Kelly had not set out to spy on record-breaking stars. No other individual star had been seen in such a distance. The astrophysicist and his colleagues were studying Hubble images of a supernova called SN Refsdal. But in 2016, they found a blip that appeared in the same galaxy that housed the supernova. This blip, as Kelly and his co-authors wrote in a report published recently in the journal Nature Astronomy, was not another supernova but a blue supergiant star.
About halfway between Icarus's spiral galaxy and our own was a third object, a massive cluster of galaxies that acted as the lens of the magnifying glass. It just so happened that Icarus passed “along the critical curve” of the cluster, Kelly said, which warped the starlight in our direction — a process called gravitational lensing. The effect was like “a natural telescope, much more powerful than anything we could build.”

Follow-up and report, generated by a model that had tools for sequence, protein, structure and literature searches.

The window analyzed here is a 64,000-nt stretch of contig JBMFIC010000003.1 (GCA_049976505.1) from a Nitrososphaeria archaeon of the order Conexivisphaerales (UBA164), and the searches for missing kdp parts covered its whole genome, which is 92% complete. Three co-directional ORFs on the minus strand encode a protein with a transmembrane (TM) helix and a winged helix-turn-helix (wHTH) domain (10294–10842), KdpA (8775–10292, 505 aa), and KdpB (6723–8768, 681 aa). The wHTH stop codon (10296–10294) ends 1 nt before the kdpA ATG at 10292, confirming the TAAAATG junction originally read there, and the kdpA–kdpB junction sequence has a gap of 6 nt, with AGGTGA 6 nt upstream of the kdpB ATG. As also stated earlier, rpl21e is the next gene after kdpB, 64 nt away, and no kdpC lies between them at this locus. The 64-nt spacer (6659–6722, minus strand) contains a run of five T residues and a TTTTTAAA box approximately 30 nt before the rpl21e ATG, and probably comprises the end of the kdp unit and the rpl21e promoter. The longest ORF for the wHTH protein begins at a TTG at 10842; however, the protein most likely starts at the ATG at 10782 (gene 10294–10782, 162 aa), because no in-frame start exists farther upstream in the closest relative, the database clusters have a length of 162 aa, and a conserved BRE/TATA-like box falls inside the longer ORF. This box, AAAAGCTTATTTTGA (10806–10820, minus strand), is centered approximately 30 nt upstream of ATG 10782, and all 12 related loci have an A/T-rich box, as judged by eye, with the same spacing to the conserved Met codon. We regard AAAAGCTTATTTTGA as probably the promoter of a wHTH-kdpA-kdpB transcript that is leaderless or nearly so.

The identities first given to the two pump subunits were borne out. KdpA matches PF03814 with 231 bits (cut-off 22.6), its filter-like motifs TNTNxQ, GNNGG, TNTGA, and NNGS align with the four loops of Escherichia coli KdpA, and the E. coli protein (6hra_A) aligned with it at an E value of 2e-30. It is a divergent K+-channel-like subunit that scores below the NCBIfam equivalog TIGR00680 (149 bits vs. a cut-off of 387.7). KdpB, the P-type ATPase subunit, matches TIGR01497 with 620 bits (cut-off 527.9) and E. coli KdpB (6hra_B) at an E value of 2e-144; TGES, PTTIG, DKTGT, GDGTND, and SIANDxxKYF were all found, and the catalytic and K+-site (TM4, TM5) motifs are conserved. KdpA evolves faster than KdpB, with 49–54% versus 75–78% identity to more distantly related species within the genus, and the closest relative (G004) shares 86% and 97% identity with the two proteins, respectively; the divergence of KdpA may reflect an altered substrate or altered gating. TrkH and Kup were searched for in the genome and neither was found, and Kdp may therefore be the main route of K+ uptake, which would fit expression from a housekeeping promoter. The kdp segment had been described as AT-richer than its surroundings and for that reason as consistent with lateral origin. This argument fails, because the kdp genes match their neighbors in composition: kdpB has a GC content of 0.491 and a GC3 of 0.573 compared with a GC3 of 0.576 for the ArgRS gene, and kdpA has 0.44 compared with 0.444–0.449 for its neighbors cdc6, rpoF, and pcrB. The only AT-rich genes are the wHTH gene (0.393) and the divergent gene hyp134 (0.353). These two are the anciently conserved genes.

The authors of the new study identified Icarus as a stable star and not an explosion because its temperature did not appear to fluctuate. Supernovas “start out very hot and cool down. We saw no evidence of a change in temperature,” Kelly said. Still, Icarus was massive, hotter than the Sun, and possibly thousands of times as luminous.
It also no longer exists, Kelly said. Blue supergiant stars do not have life spans of nine billion years. He suspected Icarus either collapsed into a black hole or wound up as a neutron star.
Icarus burned bright and early. The universe is 13.8 billion years old; to view Icarus's starlight is to look back through three-quarters of the universe's age. If astrophysicists look sufficiently deep enough, Kelly said, they should be able to learn about some of the universe's first stars. Kelly said this technique, coupling nature's magnifying glass with future machines like the James Webb Telescope, could yield additional discoveries — stars older and more distant, even, than Icarus.